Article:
A January storm front triggered tornadoes from Spring Branch to Humble and brought an unusually high amount of rainfall for the season as area residents were kept awake overnight by severe weather alerts.
But, despite 4.16 inches of rain on I-59 near Beltway 8 and 3.92 inches of rain on Interstate 45 just north of the Beltway, there were no reports of house flooding in the East Aldine area.
Harris County officials were reluctant to say for sure that a recent major flood control project along Halls Bayou had fulfilled its promise.The $7.9 million stormwater basin was completed in August 2021.
But long-time East Aldine resident Connie Esparza, whose home has flooded three times since 2001, said she has no doubt that the project spared the area from widespread flood damage.
“I know that it worked. There was no standing water,” Esparza said. “Nothing like that has ever happened when we’ve had so much water.”
The basin was designed to hold 65 million gallons of water in an effort to spare 300 East Aldine homes and businesses from flooding.
It is just one part of a series of complex solutions aimed at alleviating flooding throughout the Harris County Flood Control District.
The bayous “stayed within their banks,” said Jeremy Ratcliff, flood and project coordinator for the district.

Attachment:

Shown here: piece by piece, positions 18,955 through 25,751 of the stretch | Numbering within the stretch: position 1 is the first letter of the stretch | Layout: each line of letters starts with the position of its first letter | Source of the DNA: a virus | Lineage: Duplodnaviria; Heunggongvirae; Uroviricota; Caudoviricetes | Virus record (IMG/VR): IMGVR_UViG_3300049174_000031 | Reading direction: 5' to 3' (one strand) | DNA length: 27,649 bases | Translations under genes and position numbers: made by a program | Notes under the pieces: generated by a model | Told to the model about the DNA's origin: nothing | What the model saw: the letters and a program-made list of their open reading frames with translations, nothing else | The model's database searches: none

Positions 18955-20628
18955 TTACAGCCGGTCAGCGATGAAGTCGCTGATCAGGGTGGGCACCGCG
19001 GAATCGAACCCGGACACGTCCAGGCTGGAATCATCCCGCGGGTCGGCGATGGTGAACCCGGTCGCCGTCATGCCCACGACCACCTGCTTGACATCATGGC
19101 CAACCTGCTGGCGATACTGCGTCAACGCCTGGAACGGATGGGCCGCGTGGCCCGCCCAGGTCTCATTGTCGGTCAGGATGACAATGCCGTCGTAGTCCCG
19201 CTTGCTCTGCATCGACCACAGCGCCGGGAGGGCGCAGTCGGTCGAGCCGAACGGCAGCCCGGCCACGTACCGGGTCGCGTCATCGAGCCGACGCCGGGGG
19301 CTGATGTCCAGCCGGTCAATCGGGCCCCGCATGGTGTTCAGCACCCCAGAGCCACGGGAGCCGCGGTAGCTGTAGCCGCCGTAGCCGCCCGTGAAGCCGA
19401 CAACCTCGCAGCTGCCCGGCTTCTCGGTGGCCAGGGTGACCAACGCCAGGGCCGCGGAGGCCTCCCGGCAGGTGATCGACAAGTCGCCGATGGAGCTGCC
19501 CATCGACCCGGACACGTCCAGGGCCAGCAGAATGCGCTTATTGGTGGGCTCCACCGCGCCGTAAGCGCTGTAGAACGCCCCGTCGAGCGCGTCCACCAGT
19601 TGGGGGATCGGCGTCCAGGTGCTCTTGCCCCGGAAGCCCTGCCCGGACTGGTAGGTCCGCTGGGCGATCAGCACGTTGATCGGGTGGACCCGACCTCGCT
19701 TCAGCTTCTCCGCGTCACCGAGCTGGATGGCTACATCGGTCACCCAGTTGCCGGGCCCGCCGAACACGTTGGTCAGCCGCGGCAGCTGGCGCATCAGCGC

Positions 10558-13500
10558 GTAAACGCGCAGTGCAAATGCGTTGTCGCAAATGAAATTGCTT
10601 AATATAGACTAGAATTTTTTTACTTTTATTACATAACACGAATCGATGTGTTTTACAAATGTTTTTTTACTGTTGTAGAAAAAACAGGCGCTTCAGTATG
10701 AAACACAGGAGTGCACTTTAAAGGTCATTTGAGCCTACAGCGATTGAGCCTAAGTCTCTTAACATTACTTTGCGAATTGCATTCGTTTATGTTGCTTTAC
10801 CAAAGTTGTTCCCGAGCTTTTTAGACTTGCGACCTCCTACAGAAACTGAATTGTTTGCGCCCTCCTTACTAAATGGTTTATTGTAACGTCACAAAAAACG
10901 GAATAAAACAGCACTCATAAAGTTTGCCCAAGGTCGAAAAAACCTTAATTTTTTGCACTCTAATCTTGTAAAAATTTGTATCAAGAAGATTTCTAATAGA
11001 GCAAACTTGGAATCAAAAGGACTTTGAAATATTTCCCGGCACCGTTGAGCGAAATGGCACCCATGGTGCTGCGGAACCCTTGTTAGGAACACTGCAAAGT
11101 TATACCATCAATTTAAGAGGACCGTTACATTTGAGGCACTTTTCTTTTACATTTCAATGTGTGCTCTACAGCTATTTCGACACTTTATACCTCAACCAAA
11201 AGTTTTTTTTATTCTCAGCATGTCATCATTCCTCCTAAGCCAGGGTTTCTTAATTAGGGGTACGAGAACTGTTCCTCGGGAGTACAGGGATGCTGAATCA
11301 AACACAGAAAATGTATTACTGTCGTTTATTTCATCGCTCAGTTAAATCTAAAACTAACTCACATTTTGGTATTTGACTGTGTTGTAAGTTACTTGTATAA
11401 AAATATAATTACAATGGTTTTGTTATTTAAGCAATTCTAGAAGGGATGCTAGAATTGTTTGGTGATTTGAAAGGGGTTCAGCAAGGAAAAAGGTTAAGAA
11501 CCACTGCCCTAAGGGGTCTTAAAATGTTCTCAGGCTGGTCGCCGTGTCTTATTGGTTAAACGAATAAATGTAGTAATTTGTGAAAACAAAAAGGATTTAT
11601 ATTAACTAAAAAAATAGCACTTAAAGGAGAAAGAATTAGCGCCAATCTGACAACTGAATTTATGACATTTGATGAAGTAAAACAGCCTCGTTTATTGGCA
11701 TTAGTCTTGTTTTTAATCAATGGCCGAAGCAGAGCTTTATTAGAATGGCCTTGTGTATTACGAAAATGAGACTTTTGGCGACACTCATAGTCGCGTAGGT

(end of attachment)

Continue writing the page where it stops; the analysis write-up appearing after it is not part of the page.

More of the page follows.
“Flood control is just so complex, and we’ve still got so much work to do.The main thing is trying to get our waterways to carry storms out into the Gulf. And that’s going to take a long time,” he said.
Harris County Precinct 2 Commissioner Adrian Garcia was relieved to hear that East Aldine residents had been spared any serious flooding from the storm.
“Reducing chronic flooding has been one of my top priorities since taking office, and remain a top priority going forward. I’m glad the project along Halls Bayou was completed last year. Every project like this one makes a positive difference, especially in rain events like the one we just had,” Garcia said.
“This is why I have been pushing to get more projects done, particularly in areas that were not previously included in the flood bond program.
“It is reassuring to hear positive feedback from East Aldine residents because they have been repeatedly impacted by flooding,” Garcia said. “There’s much more work left to do, but this project represents the kind of progress residents need to see…”
It had been classified as a sub-watershed of Greens Bayou, but in 2021 the Flood Control District designated Halls Bayou as its own watershed, making it Harris County’s 23rd.
The watershed comprises approximately 45 square miles, mostly developed with a mix of residential, commercial and industrial uses. The population of the watershed is approximately 160,100, based on the 2010 Census.
A bond issue approved by voters in 2018 includes more than $110 million for Halls Bayou watershed work, which has the potential to leverage more than $346 million altogether, depending on federal funding.
— By Anne Marie Kilday